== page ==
About the Jewish Family and Children’s Services of Pittsburgh: An independent 501(c)(3) organization whose mission is to help people through life's changes and challenges by providing psychological, employment and social services. JF&CS is an acknowledged leader in helping immigrants and refugees resettle and successfully build new lives in our community.

YWCA Greater Pittsburgh’s Center for Race & Gender Equity promotes awareness of equality issues, educates individuals, and advocates for change in communities throughout Southwestern Pennsylvania. The Center supports and promotes the YW's national advocacy agenda and identifies legislative action (federal, state and local) that advances YWCA’s focus areas of Eliminating Racism and Empowering Women.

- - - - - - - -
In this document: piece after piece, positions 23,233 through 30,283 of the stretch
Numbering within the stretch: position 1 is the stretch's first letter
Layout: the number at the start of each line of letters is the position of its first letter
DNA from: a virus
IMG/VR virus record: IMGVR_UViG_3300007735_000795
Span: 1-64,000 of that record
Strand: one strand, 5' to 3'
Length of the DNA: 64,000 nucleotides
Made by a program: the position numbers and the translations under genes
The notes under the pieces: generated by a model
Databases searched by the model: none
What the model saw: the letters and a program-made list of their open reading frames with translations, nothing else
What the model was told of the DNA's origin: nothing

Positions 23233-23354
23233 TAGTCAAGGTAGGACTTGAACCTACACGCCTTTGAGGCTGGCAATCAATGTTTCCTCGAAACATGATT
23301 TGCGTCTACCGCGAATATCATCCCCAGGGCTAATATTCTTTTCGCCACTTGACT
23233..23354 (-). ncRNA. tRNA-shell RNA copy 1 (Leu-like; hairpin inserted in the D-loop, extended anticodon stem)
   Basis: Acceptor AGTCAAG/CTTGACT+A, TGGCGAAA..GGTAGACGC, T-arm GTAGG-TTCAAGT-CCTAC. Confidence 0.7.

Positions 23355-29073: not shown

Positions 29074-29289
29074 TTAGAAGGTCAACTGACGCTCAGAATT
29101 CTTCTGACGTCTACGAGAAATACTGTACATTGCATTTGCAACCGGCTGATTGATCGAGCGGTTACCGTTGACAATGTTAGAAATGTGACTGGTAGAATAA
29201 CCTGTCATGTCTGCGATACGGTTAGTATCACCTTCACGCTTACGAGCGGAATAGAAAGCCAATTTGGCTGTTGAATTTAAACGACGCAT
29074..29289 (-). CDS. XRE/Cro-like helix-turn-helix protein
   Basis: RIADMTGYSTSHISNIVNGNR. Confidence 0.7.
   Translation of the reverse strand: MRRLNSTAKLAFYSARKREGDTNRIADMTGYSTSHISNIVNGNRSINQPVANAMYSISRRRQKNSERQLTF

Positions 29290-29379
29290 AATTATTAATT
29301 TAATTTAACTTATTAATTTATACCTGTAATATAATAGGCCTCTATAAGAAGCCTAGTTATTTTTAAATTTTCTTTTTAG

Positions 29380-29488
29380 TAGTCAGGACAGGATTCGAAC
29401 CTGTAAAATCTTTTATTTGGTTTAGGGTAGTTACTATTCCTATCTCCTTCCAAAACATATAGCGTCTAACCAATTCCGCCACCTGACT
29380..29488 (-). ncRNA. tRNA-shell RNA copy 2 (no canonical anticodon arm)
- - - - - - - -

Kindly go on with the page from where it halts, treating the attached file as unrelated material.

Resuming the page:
The YWCA partnership will be season long and feature a post-performance discussion on Saturday, February 11th following the 1 p.m. performance with YWCA CEO Magdeline (Maggie) Jensen.

City Theatre is now in its 42nd season. Located in the historic South Side, City Theatre is Pittsburgh’s home for bold new plays, commissioning and producing work by playwrights including Daniel Beaty, Jessica Dickey, Christopher Durang, Michael Hollinger, Willy Holtzman, Tarell Alvin McCraney, and Madeleine George. Under the leadership of Artistic Director Tracy Brigden, Managing Director James McNeel, and the Board of Directors, City Theatre’s mission is to provide an artistic home for the development and production of contemporary plays of substance and ideas that engage and challenge a diverse audience.